Study:Warming at Both Poles Definiteily Human-Caused

Study:Warming at Both Poles Definiteily Human-Caused

Story from BBC NEWS:

Published: 2008/10/30 18:24:39 GMT © BBC MMVIII
Polar warming ’caused by humans’
By Pallab Ghosh, Science correspondent, BBC News

The rise in temperatures at Earth’s poles has for the first time been   attributed
directly to human activities, according to a study.

The work, by an international team, is published in Nature Geoscience   journal.

In 2007, the UN’s climate change body presented strong scientific evidence the rise
in average global temperature is mostly due to human activities.

This contradicted ideas that it was not a result of natural processes such as an
increase in the Sun’s intensity.

At the time, there was not sufficient evidence to say this for sure about the Arctic
and Antarctic.

“We really can’t claim anymore that it’s natural variations that are driving these
very large changes.”
Peter Stott, Met Office

Now that gap in research has been plugged, according to scientists who   carried out
a detailed analysis of temperature variations at both poles. Their study indicates
that humans have indeed contributed to warming in both regions.

Researchers expected this result for the Arctic-because of the recent sharp increase
in the melting of sea ice in the summer in the region-but temperature variations in
the Antarctic have until now been harder to interpret.

Today’s study, according to the researchers, suggests for the first time that
there’s a discernable human influence on both the Arctic and   Antarctica.

Best fit

The research team took the temperature changes over the polar regions of the Earth
and compared them with two sets of climate models.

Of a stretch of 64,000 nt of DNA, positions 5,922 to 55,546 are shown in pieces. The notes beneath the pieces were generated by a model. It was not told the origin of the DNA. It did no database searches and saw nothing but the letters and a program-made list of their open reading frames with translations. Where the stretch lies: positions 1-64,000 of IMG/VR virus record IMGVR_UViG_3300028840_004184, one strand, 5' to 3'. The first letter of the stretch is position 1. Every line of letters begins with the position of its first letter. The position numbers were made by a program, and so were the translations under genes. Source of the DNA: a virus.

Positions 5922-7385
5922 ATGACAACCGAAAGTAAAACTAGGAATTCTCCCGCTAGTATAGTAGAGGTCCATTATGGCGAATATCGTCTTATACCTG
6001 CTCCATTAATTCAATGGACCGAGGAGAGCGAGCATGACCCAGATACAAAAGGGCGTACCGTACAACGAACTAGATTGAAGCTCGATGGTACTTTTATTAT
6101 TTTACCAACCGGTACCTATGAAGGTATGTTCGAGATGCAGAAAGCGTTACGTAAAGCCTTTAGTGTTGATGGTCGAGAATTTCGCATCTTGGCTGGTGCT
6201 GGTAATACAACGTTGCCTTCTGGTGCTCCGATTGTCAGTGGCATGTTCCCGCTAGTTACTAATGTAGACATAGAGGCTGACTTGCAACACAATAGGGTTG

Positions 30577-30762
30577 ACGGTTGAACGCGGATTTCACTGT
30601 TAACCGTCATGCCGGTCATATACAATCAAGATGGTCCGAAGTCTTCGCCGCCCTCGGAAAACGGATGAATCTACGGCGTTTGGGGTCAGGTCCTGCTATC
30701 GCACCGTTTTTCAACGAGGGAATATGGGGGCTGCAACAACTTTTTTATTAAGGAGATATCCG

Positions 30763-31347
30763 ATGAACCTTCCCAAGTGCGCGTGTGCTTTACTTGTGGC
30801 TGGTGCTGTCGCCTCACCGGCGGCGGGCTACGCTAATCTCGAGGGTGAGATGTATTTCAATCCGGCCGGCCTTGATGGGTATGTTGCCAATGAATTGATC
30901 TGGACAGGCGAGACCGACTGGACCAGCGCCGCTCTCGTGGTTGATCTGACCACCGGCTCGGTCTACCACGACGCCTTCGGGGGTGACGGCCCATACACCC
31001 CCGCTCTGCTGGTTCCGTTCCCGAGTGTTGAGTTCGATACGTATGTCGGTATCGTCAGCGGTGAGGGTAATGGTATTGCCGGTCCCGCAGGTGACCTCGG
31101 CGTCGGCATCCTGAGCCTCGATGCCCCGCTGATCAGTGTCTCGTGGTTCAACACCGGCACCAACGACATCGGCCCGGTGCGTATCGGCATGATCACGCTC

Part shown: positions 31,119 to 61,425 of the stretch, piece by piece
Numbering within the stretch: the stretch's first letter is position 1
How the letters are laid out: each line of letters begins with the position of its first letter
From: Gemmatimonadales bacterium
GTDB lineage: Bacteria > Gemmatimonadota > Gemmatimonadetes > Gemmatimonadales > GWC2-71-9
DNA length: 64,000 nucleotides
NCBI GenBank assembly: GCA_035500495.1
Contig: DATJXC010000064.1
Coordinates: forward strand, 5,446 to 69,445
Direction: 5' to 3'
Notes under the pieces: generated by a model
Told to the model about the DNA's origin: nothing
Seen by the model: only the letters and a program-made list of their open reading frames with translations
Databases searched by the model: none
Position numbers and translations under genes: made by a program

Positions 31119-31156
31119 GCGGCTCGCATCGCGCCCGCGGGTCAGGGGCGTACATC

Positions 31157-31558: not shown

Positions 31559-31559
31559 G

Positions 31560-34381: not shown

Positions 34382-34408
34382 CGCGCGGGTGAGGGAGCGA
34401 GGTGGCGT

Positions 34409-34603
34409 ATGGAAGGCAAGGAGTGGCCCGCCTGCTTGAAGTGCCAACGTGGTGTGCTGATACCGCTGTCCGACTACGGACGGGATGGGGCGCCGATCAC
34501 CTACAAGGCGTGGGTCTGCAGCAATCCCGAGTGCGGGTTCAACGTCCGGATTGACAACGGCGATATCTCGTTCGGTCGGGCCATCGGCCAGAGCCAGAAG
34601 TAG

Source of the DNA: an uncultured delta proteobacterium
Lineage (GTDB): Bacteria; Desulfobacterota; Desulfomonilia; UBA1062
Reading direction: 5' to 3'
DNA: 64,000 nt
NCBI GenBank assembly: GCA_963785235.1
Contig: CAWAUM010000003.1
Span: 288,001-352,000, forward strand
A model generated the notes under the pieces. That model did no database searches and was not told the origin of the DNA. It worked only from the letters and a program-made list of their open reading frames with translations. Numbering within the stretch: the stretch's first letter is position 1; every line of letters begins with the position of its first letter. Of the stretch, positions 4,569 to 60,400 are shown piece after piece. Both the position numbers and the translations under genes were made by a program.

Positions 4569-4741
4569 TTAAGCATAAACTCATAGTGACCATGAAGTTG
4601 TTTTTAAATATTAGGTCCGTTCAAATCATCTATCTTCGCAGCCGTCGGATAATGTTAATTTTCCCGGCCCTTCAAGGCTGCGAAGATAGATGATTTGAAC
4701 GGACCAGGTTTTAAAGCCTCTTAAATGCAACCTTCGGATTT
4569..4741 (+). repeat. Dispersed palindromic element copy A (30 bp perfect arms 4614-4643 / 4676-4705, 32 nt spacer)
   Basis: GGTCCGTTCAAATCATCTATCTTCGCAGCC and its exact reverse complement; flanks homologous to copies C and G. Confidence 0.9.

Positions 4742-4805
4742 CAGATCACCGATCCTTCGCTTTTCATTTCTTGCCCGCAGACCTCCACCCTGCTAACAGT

One set assumed that there had been no human influence the other set   assumed there

The best fit was with models that assumed that human activities
including the burning of fossil fuels and depletion of ozone had played a part.

According to one of the researchers involved with the study, Peter Stott, head of
climate monitoring and attribution at the Met Office, formally showing that the
Antarctic was being influenced by human activities was the key development

“In the recent IPCC report for example,” he said, “it wasn’t possible to make a
statement about the Antarctic because such a study had not been done at that point.

“But nevertheless when you do that you see a clear human fingerprint in the observed
data. We really can’t claim anymore that it’s natural variations that are driving
these very large changes that we are seeing in our in the climate system.”

Professor Phil Jones, director of the Climate Research Unit at the University of
East Anglia, said: “Our study is certainly closing a couple of gaps in the last IPCC

“But I still think that a number of people, including some politicians, are
reluctant to accept the evidence or to do anything about it until we specifically
come down to saying that one particular event was caused by humans like a serious
flood somewhere or even a heatwave.

“Until we get down to smaller scale events in both time and space I still think
there will be people doubting the evidence.”


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